"I don't think it's about age. It's about the person's life expectancy and the likelihood of achieving a true benefit with this therapy," Dr. Nissen said. "The message here has to be that if you're dying of some other disease - say, cancer or kidney failure - there isn't much benefit in giving a statin. But if you're a healthy 80-year-old with a Framingham Risk Score of 20 percent or greater, then I would tend to treat."
(You can calculate your own Framingham Risk Score, which assesses your 10-year risk of a heart attack, here. )
Dr. William Zoghbi, immediate past president of the American College of Cardiology, advised seniors with high cholesterol to first try changing their diets and getting more exercise. If these fail to lower cholesterol levels, he said, then statins are a reasonable option.
"Recent data has shown that shown that in older adults, primary prevention for people who have high cholesterol but no overt evidence of cardiovascular disease is beneficial," said Dr. Zoghbi, director of the Cardiovascular Imaging Institute at the Methodist Hospital in Houston.
He was referring to a recent paper in The Journal of the American College of Cardiology about statins and older adults. It is an analysis of eight randomized trials involving nearly 25,000 people aged 65 or older that analyzed outcomes for seniors without pre-existing heart disease who took these medications. Seniors who took the medications had fewer heart attacks (a 39.4 percent reduction) and strokes (a 23.8 percent reduction) than those who did not, but they didn't live longer.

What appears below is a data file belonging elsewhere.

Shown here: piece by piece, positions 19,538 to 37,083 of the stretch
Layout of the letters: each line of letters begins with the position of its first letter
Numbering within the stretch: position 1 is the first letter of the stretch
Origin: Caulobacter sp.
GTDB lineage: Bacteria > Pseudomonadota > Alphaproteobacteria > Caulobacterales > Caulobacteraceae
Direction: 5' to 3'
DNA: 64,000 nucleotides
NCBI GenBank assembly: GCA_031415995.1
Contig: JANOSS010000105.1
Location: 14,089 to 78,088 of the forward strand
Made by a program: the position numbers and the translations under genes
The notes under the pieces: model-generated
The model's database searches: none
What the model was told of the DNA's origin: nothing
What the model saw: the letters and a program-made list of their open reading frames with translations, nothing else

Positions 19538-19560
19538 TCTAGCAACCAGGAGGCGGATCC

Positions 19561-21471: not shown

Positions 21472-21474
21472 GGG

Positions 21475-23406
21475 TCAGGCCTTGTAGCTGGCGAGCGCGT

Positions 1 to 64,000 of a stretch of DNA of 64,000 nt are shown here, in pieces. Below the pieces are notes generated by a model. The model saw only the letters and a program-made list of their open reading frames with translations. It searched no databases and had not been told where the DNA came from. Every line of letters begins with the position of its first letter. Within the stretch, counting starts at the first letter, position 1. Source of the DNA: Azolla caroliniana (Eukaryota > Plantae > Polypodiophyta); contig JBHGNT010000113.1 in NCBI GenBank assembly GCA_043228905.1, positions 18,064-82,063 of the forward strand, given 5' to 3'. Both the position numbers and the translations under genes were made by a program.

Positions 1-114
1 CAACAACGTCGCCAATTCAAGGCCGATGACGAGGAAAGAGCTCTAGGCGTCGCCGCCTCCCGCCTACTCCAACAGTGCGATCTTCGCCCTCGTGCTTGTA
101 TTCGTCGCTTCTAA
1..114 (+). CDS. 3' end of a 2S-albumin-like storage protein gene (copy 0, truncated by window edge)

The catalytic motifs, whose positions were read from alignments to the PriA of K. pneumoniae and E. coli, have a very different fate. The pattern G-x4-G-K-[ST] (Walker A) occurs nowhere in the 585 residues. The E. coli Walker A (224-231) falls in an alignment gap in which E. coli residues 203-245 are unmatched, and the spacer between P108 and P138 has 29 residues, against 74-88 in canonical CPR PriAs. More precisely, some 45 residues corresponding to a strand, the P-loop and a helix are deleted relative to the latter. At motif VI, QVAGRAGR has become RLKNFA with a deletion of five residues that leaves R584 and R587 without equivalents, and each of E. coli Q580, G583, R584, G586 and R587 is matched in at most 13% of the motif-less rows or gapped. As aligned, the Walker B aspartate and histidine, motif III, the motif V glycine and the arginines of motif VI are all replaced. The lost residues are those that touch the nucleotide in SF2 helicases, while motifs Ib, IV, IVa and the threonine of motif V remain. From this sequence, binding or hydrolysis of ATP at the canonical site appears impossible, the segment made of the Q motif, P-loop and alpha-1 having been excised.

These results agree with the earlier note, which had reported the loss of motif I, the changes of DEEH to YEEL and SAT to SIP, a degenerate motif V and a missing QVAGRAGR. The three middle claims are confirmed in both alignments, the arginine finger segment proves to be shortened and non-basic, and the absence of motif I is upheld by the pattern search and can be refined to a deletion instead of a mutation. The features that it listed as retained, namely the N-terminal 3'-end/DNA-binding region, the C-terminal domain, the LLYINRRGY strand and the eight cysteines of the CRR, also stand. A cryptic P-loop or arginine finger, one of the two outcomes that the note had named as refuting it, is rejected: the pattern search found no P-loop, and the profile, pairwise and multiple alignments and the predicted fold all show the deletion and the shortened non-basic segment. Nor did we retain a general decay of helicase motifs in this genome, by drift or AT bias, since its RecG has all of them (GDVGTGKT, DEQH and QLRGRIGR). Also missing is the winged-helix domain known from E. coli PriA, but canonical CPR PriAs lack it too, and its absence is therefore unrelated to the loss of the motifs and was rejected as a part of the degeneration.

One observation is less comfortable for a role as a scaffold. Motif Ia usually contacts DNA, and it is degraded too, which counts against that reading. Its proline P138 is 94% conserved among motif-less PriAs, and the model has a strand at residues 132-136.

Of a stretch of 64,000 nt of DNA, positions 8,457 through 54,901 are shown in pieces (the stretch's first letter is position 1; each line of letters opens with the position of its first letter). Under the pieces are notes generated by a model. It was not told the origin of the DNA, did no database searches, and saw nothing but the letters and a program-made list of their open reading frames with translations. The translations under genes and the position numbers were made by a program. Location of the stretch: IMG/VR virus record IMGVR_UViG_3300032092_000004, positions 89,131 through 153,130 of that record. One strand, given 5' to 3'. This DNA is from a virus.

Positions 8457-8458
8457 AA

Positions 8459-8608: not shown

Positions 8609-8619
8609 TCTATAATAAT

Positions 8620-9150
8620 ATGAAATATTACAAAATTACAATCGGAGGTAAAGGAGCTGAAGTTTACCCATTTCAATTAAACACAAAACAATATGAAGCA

Yet the absolute risk of these events was small. In the control group, 3.9 percent of seniors suffered heart attacks over the course of three-and-a-half years; that declined to 2.7 percent in the group taking statins. Similarly, 2.8 percent of seniors in the control group suffered strokes, compared with 2.1 percent of statin users.
"Taking statins may not prolong life in older adults, but it may certainly improve the quality of life" for people who might otherwise become disabled by heart attacks of strokes, said Dr. Antonio Gotto Jr., one of the authors of the analysis and dean emeritus of Weill Cornell Medical College.
As in many studies of this kind, the incidence of side effects associated with statin use was not reported. "This data is very well guarded," and without it the clinical picture is incomplete, said Dr. Rita Redberg, a cardiologist at the University of California, San Francisco, Medical Center and editor-in-chief of JAMA Internal Medicine.
"I see elderly patients every week who tell me they couldn't get out of bed, they had terrible diarrhea, they were walking around in a fog after they started taking statins, and when they stopped the medications those feelings went away," Dr. Redberg said.
According to her summary of the evidence for using statins to prevent heart disease, heart attacks will be prevented in only one or two of every 100 healthy people with high cholesterol who take the medications for up to five years, while one person will develop diabetes. Meanwhile, it is worth noting that "older people are much more vulnerable to the side effects of medications," she said, and there's some evidence that "low cholesterol seems to be associated with higher mortality at an older age."
Experts agree that more high quality evidence is needed about statin use in seniors without existing heart disease. Pending that, it seems this debate isn't going to be resolved any time soon. As ever, consult with a doctor before starting or discontinuing any medication.